Encourage helpful thinking
It’s important for us all to help your daughters keep things in perspective. To remind them that you and their teachers are here to support them. Tell them that while there their exams or assignments are important, their value as human beings and the value of their education is not reflected simply in a mark. Thinking inflexibly about situations or jumping to the worst possible scenario is not going to be helpful in keeping them at the optimal level of stress, which is where they learn and perform best. We need to help them to think in a balanced way, recognising that they will need to prioritise tasks and develop the resilience to deal with minor setbacks and disappointments.

In order to do this, you can ask things like:

  • Is that a helpful way of thinking about that situation?
  • What is a more helpful way of thinking about it?
  • Is that the only possible explanation?
  • What are some other ways of thinking about this situation?

It is so important that you try to ask these questions rather than react to your child’s worry in the moment and try to fix things for them.

Nurture a healthy lifestyle
Often when I first meet students, I ask about their sleep, diet and level of exercise. I talk about this being the foundation of our emotional house. If our foundations are rocky, our emotions too will be more susceptible to extremes and more likely to be unstable.

Encourage your daughter to not forget the simple things like sleeping. According to the Student Wellbeing survey we conducted last year over half of our High school students (60%) report waking up feeling quite exhausted or exhausted. According to experts’ school aged children 6-13 years old require 9-11 hours of sleep per night and young people aged 14-17 need 8-10 hours of sleep (Sleep Connection, 2019).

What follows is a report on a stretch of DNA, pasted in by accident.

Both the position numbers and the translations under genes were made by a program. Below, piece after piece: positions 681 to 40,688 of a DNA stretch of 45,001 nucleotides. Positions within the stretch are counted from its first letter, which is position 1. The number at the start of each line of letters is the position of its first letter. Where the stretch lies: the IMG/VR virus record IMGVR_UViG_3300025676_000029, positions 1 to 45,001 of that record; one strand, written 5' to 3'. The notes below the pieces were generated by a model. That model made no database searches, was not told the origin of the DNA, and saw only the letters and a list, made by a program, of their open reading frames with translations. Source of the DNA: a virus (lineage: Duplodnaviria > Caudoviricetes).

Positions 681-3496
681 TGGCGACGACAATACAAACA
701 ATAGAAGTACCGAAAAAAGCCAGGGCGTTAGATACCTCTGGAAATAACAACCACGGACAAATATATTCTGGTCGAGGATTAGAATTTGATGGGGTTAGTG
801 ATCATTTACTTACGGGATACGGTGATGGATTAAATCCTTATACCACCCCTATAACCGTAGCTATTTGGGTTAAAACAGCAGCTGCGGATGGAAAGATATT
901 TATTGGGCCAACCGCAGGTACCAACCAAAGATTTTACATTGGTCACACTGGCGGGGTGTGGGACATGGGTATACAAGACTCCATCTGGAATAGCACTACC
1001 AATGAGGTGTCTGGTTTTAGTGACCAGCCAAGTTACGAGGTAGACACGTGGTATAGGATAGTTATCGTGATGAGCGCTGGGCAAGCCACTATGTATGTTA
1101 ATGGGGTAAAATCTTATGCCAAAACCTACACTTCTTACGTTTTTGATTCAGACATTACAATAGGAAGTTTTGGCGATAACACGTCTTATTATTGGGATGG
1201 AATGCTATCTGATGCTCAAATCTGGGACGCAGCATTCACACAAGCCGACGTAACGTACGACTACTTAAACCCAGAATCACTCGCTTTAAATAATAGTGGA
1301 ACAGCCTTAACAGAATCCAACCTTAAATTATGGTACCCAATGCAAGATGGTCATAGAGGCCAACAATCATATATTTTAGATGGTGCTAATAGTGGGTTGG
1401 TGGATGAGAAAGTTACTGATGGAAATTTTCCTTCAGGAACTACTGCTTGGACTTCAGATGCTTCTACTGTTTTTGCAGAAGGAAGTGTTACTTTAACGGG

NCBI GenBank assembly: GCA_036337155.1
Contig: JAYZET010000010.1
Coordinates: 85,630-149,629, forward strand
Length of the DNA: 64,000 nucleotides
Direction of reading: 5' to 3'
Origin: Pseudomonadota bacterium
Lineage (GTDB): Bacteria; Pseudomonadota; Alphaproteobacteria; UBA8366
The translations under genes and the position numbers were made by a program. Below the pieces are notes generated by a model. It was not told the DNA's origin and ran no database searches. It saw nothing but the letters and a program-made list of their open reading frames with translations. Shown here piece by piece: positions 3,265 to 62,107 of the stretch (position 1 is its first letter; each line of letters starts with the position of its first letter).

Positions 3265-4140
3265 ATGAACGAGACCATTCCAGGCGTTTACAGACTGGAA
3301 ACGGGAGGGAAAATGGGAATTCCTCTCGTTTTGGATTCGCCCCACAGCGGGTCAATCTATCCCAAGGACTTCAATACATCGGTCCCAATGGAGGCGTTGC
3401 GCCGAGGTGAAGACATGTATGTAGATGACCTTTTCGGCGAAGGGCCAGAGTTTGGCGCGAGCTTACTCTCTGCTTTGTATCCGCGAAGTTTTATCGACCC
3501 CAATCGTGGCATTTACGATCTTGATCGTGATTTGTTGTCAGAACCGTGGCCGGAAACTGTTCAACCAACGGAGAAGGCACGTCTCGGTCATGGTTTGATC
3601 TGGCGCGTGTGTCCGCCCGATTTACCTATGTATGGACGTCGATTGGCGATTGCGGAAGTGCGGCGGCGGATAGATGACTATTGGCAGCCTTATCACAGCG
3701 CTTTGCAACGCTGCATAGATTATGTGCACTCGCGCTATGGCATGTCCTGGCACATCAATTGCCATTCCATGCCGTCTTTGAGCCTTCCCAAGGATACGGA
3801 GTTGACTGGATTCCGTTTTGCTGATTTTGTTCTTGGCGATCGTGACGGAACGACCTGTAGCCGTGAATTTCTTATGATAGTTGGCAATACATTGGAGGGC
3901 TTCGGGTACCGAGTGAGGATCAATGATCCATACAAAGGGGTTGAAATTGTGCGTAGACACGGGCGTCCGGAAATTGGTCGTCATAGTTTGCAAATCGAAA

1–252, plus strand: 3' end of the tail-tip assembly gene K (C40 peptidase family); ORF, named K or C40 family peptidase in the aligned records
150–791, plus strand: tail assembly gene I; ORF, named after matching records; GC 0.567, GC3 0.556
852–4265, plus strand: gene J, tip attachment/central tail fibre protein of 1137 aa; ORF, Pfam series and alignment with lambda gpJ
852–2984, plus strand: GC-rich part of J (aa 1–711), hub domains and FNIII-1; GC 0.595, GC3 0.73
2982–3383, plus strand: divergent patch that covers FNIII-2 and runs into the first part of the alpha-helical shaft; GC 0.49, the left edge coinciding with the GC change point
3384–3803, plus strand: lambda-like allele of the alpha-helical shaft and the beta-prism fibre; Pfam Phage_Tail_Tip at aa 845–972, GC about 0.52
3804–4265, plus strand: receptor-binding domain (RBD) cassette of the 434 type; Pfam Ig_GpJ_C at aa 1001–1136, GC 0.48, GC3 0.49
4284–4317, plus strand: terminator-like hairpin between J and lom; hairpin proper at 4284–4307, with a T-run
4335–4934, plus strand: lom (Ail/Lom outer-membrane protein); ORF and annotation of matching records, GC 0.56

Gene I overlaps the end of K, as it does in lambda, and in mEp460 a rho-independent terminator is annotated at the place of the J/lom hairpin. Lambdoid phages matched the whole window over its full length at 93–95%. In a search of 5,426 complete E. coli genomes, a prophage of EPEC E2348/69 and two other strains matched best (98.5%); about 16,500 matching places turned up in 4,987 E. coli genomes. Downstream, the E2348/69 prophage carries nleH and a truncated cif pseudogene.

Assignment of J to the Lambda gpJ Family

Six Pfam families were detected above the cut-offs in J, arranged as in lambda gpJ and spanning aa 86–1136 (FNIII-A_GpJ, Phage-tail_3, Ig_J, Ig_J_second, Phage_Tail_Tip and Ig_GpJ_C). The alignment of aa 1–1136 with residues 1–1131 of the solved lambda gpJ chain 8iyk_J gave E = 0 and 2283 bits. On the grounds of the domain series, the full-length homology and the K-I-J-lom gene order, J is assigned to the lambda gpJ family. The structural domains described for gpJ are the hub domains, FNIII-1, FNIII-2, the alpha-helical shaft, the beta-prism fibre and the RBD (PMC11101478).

Remind your daughter to go to sleep at a regular time and remove phones before bed. Good sleepers usually take 30 minutes to fall asleep at night and may wake a few times throughout the night. It is unrealistic for your daughter to expect that she will fall asleep straight away. Encourage your daughter to engage in a non-screen activity in bed 30 minutes to 1 hour before sleep time to help your daughter unwind and prepare for sleep. As a household you may consider turning off main lights and using just lamps 1-2 hours before bedtime. Low lighting helps the release of melatonin which encourages human bodies to sleep.

Keep a watchful eye
The most commons signs of too much stress is when you see changes in your daughter's emotions (for example agitation, anxiousness or sadness), behaviour (this may include withdrawal from activities they normally enjoy or too much socialising and not enough studying), physicality (such as headaches, or a gain or reduction in appetite or weight) and cognitions (difficulties with memory, inability to focus and negative perspective). It’s important to point out that most young people leading up to an exam period or an assignment period are going to show signs of stress and this is perfectly normal. But if changes are intense, frequent, persist for more than two weeks and are not easily explained or alleviated by an external stressor such as an exam period there may be something more going on.